Bruce R. Braun
WINSTON & STRAWN                             Bradley P. Smith (Bar No. 468060)
35 West Wacker Drive                         SULLIVAN & CROMWELL
Chicago, Illinois 60601                      1701 Pennsylvania Avenue, N.W.
(312) 558-5600                               Washington, D.C. 20006
                                             (202) 956-7500
Charles F. Rule (Bar No. 370818)
FRIED, FRANK, HARRIS, SHRIVER
 & JACOBSON
1001 Pennsylvania Avenue, N.W.
Suite 800
Washington, D.C. 20004                       Counsel for Defendant
(202) 639-7300                                Microsoft Corporation




                                              - 15 -
                                 CERTIFICATE OF SERVICE

              I hereby certify that on this 23rd day of January, 2002, I caused a true and correct

copy of the foregoing Defendant Microsoft Corporation’s Motion To Compel America Online

To Comply with Subpoenas Duces Tecum (and accompanying public and sealed exhibits) to be

served by facsimile and by hand upon:

Renata B. Hesse                               Brendan V. Sullivan, Jr.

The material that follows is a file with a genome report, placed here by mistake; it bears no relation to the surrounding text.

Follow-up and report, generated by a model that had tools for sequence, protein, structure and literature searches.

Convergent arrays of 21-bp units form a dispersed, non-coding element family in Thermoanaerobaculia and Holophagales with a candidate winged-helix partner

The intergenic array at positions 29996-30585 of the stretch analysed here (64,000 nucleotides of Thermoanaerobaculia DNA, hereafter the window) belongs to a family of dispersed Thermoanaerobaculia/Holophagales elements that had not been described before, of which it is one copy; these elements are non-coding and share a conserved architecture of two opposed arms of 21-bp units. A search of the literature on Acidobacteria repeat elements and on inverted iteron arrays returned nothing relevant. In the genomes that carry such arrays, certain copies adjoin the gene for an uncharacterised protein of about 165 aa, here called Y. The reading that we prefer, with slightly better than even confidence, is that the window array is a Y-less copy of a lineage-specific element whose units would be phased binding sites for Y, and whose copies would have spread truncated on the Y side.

U.S. Department of Justice                    Williams & Connolly LLP
Antitrust Division                            725 Twelfth Street, N.W.
601 D Street, N.W., Suite 1200                Washington, D.C. 20005
Washington, D.C. 20530                        Tel: (202) 434-5000
Tel: (202) 514-8276                           Fax: (202) 434-5029
Fax: (202) 307-1454

James W. Draughn, Jr., Esq.
Kirkland & Ellis
655 Fifteenth Street, N.W.
Suite 1200
Washington, D.C. 20005
Tel: (202) 879-5095
Fax: (202) 879-5200

And by facsimile and by overnight courier upon:

Philip S. Beck                                Kevin J. O’Connor
Bartlit Beck Herman Palenchar & Scott         Wisconsin Attorney General’s Office
Courthouse Place, Suite 300                   P.O. Box 7857
54 West Hubbard Street                        123 West Washington Avenue
Chicago, Illinois 60610                       Madison, Wisconsin 53703-7857
Tel: (312) 494-4411                           Tel: (608) 266-1221
Fax: (312) 494-4440                           Fax: (608) 267-2223

Jay L. Himes                                  Blake Harrop
Assistant Attorney General                    Illinois Attorney General’s Office
New York State Attorney General’s Office      100 West Randolph Street, 12th Floor
120 Broadway, Suite 2601                      Chicago, Illinois 60601
New York, New York 10271                      Tel: (312) 814-2503
Tel: (212) 416-8282                           Fax: (312) 814-2549
Fax: (212) 416-6015


                                              ______________________
                                                  Bradley P. Smith